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Surprising Advice on Counteracting Mediocrity

Surprising Advice on Counteracting Mediocrity

Liane Davey’s mission is to radically transform the way people communicate, connect, and contribute, so they can achieve amazing things together. Her approach combines a keen expertise in strategy with her deep insight into group dynamics to increase the value organizations get from teamwork and collaboration. In her blog below, she gives some surprising advice to inspire high performance in your team:

I recently debuted a new speech about building high performance teams. My ideas about how to build a high performance team (and whether teams even have the courage that high performance requires) are getting crisper…and edgier. I’ll share some of those ideas on the blog in the near future.

One audience member was undeterred by my stark descriptions of the tough love required to create high performance. He was all in. But he had recently joined a new organization where not everyone had the same standards. He asked how he could inspire high performance in others. Cool question!
Here’s the gist of my answer:

Don’t Judge

The most important idea I can share with you is how NOT to inspire high performance. That’s by saying or doing anything that will come across as judgment or criticism of the ways things are. That would be like arriving at a welcome party thrown by new neighbours and saying, “wow, your lawn is a bit of a mess and those hedges could use some trimming!”

Judgment creates defensiveness and defensiveness causes people to retrench (move backward) rather than renew (move forward).

Unless you’re the most deft and diplomatic communicator, that means staying away from talking about the current state of the team completely. Again…
If you see something of concern with the current state of the team, avoid discussing the current state of the team.

Talk External

Huh? There’s something wrong with the team but I can’t talk about the team?! Exactly! So here’s what you do instead.

Rather than talking about the current state of the team, which is likely to be interpreted as a personal attack, start by talking about what’s changing in the external environment. “How is our industry evolving?” “What are customers demanding?” “Who are our competitors and how are they changing?” “What is technology making possible?“

These are easy questions to ask when you’re new to a team because they look like typical naïve, get up to speed questions.

You and your teammates should be able to create a list as long as your arm of ways in which your world is changing. Although this might be an anxiety-provoking conversation, it won’t be a threatening one because there’s no personal accountability to these trends. Feel free to lob in a few ideas here and there, as long as the majority of responses come from within the team.

Make the Connection

Once your team is talking about how the world is changing, you can toss in the next question: “What do you think it’s going to mean for us?” Pick one of the more salient trends and carry it through. For example: “If more and more people are shopping online, how will that play out in our industry?”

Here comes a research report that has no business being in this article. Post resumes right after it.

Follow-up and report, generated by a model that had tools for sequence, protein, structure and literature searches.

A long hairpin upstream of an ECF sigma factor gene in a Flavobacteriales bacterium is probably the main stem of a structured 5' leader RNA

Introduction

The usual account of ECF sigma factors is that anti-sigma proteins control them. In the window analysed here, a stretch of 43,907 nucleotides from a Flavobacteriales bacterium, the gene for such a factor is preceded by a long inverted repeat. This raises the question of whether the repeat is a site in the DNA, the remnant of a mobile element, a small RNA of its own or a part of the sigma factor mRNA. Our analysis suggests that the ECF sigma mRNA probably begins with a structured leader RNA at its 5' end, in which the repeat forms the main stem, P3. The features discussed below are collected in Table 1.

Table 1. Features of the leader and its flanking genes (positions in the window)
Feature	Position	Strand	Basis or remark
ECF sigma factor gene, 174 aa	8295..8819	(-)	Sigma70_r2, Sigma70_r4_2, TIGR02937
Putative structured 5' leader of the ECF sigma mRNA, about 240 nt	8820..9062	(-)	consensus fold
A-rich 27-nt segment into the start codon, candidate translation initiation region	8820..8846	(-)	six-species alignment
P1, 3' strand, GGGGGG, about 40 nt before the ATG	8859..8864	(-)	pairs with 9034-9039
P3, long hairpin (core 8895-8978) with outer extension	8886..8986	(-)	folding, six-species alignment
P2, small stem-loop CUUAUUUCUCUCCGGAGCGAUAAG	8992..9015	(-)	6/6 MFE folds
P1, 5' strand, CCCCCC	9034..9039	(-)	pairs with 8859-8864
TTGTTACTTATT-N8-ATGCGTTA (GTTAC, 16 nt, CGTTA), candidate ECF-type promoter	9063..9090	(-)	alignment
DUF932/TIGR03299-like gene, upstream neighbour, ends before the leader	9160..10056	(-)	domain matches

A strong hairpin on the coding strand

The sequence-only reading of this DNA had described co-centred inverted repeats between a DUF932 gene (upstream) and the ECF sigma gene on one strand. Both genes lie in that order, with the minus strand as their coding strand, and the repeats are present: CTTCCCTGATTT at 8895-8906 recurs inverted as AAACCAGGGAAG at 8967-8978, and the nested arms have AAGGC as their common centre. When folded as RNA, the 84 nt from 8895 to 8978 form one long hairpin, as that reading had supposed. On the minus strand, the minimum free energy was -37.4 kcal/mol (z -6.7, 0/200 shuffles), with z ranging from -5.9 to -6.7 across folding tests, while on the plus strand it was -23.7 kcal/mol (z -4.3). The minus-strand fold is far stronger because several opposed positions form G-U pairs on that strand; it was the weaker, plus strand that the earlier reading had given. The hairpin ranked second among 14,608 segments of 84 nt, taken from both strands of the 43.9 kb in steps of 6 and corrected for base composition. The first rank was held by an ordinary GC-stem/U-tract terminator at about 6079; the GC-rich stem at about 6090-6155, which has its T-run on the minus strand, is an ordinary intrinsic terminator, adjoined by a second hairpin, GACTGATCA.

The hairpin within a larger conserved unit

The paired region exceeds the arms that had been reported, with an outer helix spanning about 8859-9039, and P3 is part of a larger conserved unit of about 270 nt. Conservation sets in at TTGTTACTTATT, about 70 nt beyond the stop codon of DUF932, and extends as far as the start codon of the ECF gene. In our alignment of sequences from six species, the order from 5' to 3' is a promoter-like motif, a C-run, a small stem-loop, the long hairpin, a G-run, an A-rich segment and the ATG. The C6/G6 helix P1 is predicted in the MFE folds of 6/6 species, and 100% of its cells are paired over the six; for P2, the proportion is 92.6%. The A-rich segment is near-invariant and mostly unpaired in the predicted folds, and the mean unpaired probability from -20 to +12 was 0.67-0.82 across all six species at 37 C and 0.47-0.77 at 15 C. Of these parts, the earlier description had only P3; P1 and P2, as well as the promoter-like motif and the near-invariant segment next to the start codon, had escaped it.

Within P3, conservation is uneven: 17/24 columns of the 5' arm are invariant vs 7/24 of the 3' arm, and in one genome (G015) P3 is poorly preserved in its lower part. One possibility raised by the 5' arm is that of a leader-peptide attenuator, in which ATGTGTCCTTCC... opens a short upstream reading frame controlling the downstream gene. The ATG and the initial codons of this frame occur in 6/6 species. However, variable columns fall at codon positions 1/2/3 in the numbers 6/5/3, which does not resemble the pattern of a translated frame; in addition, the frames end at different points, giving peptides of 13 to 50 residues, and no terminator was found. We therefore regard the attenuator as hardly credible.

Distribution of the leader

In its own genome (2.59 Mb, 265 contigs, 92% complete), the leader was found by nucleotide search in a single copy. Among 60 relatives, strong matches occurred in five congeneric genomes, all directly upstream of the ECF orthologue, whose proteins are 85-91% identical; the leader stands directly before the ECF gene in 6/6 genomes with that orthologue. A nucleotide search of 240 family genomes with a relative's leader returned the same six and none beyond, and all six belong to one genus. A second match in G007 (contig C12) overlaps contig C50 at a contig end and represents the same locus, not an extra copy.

As the conversation heats up (which it inevitably will), toggle between posing questions and making gentle predictions “I wonder if that will mean customers expect us to put our products online?”

Plan for Action

As the team comes together around one or two significant shifts that will be required to succeed in the new environment, make the pivot toward the implications for the team. “What new capabilities will we require? How will we need to behave differently to be successful? In what ways will we need to take our performance up a level?”

The magic is to start with a very impersonal and non-threatening conversation about how the world is changing and to slowly bring the issue closer to home. The process creates curiosity, which is the antidote to defensiveness. Suddenly, the team has signed on to make some important changes and you’re seen a person who asks great questions, rather than the know-it-all who came in and started criticizing.


The gentleman who asked the question came by my book signing later to say that he should have been clearer. His real concern was that his boss (along with other members of senior management) was the one who wasn’t stretching. He asked how he could apply this concept upward.

The only tweak I suggested to the strategy was that the idea might need to be seeded even more gently (in the worst case scenario). I recommended that he share a troubling newspaper headline or magazine article about disruption in the environment to start the conversation.

Final Thought

Of course I wish you could just go at mediocrity head on. I wish you didn’t have to use these indirect techniques to rally your team to something better. I wish you didn’t need to protect your boss’ ego if she’s not doing her job in leading the team. But I’m a realist and a pragmatist. If a little skilful questioning keeps the guard down and allows the ideas in…I’ll take it.